In Cat Byrne’s contribution, Mediorc, we see a monstrous creature purchase and devour a can of ravioli…that’s literally it. It’s such an odd comic that it skyrockets itself into the extraordinary. My mind has been boggled by this mediocre orc, and I’ve begun dreaming up other scenarios I’d like to see. Cat Byrne’s art is really enjoyable here, and I thoroughly enjoyed this story; it reminds me of canned raviolis in that there’s not a lot of sustenance in its ingredients, but it keeps coming back up throughout the day.
Cliffs of Dover
Written by Charles Ripley
Designed by Ken Reynolds
Cliffs of Dover really hit me hard; I took it as a story being told through the dissolution of a creative partnership. The visuals are presented in blank comic book panels and annotations referencing a former collaborator. We see hints at their back and forth conversations, and we preview their individual personalities. I lack the ability to draw and create visual art, my power is in writing from my mind’s eye, and I’ve experienced the frustration that comes with trying to collaborate with someone who is your opposite in that aspect…I think this story captures that frustration perfectly. I appreciate that the story is still released, even without visual completion, but it left me wishing their collaboration had worked out so I could have seen these beautiful images that were “removed” after the collaboration ended.
Written by Sergio Santos
Art by Tania A. Cardoso
I was easily sucked in by the art on this one; Tania A. Cardoso nails this nightmare fuel tale written by Sergio Santos about a man and his violent relationship with his computer. It’s short, and I don’t want to give anything away, so all I will say is that I can totally relate with this one.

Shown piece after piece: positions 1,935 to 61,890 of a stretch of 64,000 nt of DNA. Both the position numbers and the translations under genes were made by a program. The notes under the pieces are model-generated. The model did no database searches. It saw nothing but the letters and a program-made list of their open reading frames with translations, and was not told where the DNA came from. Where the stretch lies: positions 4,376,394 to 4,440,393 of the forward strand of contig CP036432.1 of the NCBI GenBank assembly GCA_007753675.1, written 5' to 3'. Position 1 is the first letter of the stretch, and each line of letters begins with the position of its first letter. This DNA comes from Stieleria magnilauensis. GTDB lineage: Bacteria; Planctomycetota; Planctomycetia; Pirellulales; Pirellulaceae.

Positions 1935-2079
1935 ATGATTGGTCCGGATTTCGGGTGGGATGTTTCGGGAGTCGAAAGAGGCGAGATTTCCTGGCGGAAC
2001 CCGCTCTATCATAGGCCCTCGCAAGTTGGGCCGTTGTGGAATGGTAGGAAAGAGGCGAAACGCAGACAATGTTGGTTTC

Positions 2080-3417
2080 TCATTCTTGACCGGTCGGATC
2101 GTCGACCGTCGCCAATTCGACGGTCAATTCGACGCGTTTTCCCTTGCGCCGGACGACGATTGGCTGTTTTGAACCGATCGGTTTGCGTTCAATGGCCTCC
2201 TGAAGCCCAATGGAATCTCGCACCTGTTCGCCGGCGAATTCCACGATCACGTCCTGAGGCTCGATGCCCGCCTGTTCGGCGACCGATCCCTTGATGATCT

by S.J McCune
This one is very trippy and Meta; it involves a woman basically taunting pictures about her ability to move and act freely while they remain frozen and immobile. The art is enjoyable, and the premise is fascinating, I loved this story, and I think it’s one of the best in the issue.
By Tara Lucy
Lastly, we have Self-Checked Out by Tara Lucy, and it hilariously depicts the stresses of using the self-checkout line at a grocery store. For something that is supposed to be fast, reliable, and independent, it always seems like it takes a lot more time, effort, and energy than just waiting in a normal line. I got a nice chuckle out of this one; the art is perfectly frenetic, and my stress levels steadily elevated as the comic moved towards the end. This story was very effective, and I adored it.
While I don’t think this entry was as solid as issue #3, Sliced Quarterly #4 is still a neat book that may not appeal to people who think about comics in the more traditional sense. I view sequential arts as a vast frontier of possibilities for storytelling and genre bending, but for someone used to comics only being synonymous with superheroes and Sunday funny strips, this might be a bit jarring. Like I said, you don’t have to get it to enjoy it, and with this issue I’m admitting I’m not even close to being sure I’m getting it; still, it’s a hell of an experience, and I definitely recommend it for those who appreciate something a little bit different…maybe a bit polarizing?
Next week I’ll be posting an interview with Sliced Quarterly’s Editor, Ken Reynolds! Be sure to check that out!
Check out Sliced Quarterly for free at www.slicedquarterly.co.uk